Latham & Watkins (New York)

Katherine Rocco

Latham & Watkins (New York)

Katherine Rocco is an antitrust partner and co-chair of Latham & Watkins’ New York Litigation & Trial Department. Ms. Rocco regularly leads clients through their most complex antitrust matters, including by securing clearances from the Department of Justice (DOJ) and the Federal Trade Commission (FTC) for high-stakes mergers, and defending companies in a wide range of antitrust litigations, investigations, and cartel matters. Over the last thirteen years, Ms. Rocco has advised private and public companies on more than 200 individual antitrust matters. She has litigated multiple matters through trial and appeal, and appeared before numerous agencies including the European Commission. Ms. Rocco’s broad industry experience spans semiconductors, consumer products, life sciences, entertainment, social media, healthcare, financial services, agriculture, and technology. Ms. Rocco is routinely recognized as a leading practitioner in antitrust, including by Global Competition Review, The Legal 500, Super Lawyers, and Who’s Who Legal. Ms. Rocco is a guest lecturer at Fordham Law School and is a Member of the Board for the Legal Aid Society’s New Leadership Program. For nearly a decade, Ms. Rocco served in the leadership and as a member of the Civil Rights Committee of the New York City Bar Association, including by serving as an independent legal observer at the Guantanamo Bay military tribunals in Cuba in 2012 and 2014, and by preparing amicus briefs for the Supreme Court of the United States on issues like warrantless wiretapping. Prior to joining Latham, Ms. Rocco was an antitrust partner at another leading law firm. During law school, she was an editor for the Fordham Law Review and interned for Judge Shira A. Scheindlin of the US District Court for the Southern District of New York. She was the recipient of a Fulbright Scholarship in 2005 (Malaysia) and served as an intern in The White House in 2002.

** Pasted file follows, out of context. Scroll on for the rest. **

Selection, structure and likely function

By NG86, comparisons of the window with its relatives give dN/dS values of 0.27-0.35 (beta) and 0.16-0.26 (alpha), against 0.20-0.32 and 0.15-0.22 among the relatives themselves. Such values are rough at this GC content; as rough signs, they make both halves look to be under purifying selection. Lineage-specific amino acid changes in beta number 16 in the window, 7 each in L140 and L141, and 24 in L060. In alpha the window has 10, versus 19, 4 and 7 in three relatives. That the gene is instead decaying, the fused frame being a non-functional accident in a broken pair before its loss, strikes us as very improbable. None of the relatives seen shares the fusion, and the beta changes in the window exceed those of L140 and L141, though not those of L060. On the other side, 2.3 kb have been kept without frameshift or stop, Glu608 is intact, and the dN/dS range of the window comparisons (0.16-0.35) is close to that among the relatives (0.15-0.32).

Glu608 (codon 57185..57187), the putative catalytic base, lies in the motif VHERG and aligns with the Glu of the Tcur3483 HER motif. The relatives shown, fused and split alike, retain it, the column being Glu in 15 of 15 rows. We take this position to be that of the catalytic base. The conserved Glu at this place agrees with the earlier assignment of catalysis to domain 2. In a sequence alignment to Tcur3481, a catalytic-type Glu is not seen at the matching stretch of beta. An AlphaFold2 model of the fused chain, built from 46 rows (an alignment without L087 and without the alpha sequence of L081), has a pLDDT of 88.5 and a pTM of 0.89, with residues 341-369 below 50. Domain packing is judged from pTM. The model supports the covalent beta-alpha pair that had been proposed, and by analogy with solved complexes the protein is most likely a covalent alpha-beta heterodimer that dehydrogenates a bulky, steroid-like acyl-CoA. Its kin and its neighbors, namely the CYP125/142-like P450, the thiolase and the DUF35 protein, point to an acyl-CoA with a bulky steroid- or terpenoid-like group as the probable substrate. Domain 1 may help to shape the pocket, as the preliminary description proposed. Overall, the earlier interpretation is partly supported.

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34 Bulletin

Makan Delrahim, Kelly Smith Fayne, Katherine Rocco, Joshua N. Holian, Niall Lynch, Elizabeth Prewitt, Nitesh Daryanani, Karen Keun-Yong Kim, Carla Rita Palma The US Court of Appeals for the Eleventh Circuit applies the functional framework for analyzing the ownership structures of private equity firms to hold that a company cannot conspire with an entity it owns and controls and with which it does not compete (OJ Commerce / Kidkraft / Ikea)


This article has been nominated for the 2023 Antitrust Writing Awards. Click here to learn more about the Antitrust Writing Awards. PE firms with non-competitor, majority-owned portfolio companies will face reduced risks of antitrust liability under Section 1 of the Sherman Act in the (...)


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